Now that I have introduced myself (see: Who I Am and What I Do) let’s take a look at some of the other players.
Walter A. Shewhart (1891-1967)
Walter Andrew Shewhart was a shining star in the quality movement during the first half of the 20th century. While working for Western Electric located in Hawthorne, IL, his work focused on reduction of variation and charts and altered the course of industrial history, led a quality revolution and launched the quality profession. Shewhart defined the problem of process variability in terms of assignable and chance causes. In 1924, he set forth the essential principles of controlling variation through the application of control charts.
Shewhart explained that bringing a process into a state of statistical control would allow the distinction between assignable and chance cause variations. By keeping the process in control, it would be possible to predict future output and to economically manage processes. This was the birth of the modern scientific study of process control.
In 1931, he published his book, “Economist Control of Quality of Manufactured Product” which challenged the inspection-based approach to quality and introduced the modern era of quality management. Up until this time, statistical process control was largely a Bell Telephone quality tool. Shewhart’s book popularized statistical control.
W. Edwards Deming worked as an intern at the Hawthorne Plant where he became interested in Shewhart’s work. Shewhart and Deming had a long relationship of collaboration. Deming continued to champion Shewhart’s ideas, methodologies and theories throughout his career. While working with Japan, Deming further developed some of Shewhart’s methodological proposals of scientific inference, which had been named the Shewhart Cycle and was represented by the plan-do-check-act elements.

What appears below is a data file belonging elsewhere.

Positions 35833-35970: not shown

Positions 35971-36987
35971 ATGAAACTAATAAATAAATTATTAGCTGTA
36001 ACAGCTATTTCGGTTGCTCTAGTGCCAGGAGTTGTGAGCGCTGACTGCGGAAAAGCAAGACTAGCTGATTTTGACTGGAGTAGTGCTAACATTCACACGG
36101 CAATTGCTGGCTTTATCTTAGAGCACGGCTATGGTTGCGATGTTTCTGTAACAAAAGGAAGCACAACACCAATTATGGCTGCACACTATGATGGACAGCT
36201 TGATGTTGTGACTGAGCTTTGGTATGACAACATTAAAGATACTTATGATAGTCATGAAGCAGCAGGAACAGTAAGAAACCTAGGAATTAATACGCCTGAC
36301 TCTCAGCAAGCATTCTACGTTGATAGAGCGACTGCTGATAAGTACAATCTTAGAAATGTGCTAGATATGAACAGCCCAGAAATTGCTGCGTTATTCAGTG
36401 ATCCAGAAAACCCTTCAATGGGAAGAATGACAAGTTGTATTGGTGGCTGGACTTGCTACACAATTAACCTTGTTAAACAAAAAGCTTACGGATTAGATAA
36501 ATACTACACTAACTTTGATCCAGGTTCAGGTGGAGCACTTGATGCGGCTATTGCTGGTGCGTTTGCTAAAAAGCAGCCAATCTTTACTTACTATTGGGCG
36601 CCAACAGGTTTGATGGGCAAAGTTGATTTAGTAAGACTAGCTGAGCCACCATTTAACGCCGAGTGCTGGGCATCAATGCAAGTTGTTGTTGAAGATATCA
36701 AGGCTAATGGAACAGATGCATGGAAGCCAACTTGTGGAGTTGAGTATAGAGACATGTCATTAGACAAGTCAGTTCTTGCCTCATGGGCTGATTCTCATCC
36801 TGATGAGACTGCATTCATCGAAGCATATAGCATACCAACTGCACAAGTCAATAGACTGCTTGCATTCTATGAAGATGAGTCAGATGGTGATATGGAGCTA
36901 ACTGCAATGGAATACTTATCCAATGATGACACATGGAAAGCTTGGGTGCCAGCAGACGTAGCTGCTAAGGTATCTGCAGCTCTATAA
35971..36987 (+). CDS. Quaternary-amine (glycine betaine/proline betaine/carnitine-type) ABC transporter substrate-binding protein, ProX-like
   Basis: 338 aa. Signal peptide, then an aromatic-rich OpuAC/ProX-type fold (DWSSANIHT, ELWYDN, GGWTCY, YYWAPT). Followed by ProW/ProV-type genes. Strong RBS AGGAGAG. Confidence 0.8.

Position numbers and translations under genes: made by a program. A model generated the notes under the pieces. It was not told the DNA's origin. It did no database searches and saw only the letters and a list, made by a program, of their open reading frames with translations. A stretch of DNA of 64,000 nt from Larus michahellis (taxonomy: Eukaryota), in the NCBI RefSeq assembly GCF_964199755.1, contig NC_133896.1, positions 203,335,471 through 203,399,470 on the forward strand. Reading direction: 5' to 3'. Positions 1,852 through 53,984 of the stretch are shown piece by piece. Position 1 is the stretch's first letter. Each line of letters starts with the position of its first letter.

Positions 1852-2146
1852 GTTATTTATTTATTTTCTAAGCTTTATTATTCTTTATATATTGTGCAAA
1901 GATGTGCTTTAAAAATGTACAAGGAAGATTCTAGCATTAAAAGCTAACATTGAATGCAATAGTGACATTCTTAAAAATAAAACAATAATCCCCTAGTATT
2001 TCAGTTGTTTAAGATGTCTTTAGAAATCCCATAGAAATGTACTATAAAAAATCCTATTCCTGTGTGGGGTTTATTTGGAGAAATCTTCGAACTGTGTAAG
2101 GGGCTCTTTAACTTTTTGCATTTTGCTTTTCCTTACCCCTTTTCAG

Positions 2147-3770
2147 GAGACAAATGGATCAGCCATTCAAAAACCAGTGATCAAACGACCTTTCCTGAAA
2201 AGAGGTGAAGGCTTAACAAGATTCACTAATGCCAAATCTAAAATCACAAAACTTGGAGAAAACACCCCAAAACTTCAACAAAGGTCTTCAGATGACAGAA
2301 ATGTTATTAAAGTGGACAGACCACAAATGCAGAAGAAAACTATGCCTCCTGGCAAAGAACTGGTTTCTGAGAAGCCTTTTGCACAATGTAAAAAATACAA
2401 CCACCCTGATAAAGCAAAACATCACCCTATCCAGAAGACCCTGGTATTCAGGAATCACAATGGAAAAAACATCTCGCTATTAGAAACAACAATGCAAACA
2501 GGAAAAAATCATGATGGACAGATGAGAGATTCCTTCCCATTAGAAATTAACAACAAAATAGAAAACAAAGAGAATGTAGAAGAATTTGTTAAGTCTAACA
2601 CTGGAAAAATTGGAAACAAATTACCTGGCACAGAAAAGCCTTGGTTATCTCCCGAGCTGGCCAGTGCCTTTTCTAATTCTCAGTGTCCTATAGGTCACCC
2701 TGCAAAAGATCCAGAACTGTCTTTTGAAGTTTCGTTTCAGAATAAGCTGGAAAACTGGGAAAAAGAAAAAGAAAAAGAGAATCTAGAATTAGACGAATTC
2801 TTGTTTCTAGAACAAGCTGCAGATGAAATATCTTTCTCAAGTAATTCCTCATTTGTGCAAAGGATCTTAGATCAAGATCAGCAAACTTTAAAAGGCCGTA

Harold F. Dodge (1893-1976)
Harold F. Dodge was one of the principal architects of the science of statistical quality control. He is universally known for his work in originating acceptance sampling plans for putting inspection operations on a scientific basis in terms of controllable risks.
The Dodge-Romig Sampling Inspection Tables, developed with Harry G. Romig in the early 1930s and published in 1940. Dodge worked with Walter Shewhart, George Edwards, Harry Romig, R.L. Jones, Paul Olmstead, E.G.D. Paterson, and Mary N. Torrey, developing the basic concepts of acceptance sampling, such as consumer’s risk, producer’s risk, double sampling, lot tolerance percent defective (LTPD), and average outgoing quality limit (AOQL). He originated several types of acceptance sampling schemes, CSP type continuous sampling plans, chain sampling plans, and skip-lot sampling plans.
During World War II, Dodge served as a consultant to the Secretary of War, and was chairman of the American Standards Association (now the American National Standards Institute) War Committee Z1, which prepared the Z1.1, Z1.2, and Zl.3 quality control standards. Dodge was one of a small group that developed Army Ordnance standard sampling tables, and he was an instructor in more than 30 quality control training conferences for Army Ordnance. Hechaired the ASQ Standards Committee for many years, and was chairman of the American Society for Testing and Materials (ASTM) Committee E-11 on statistical methods.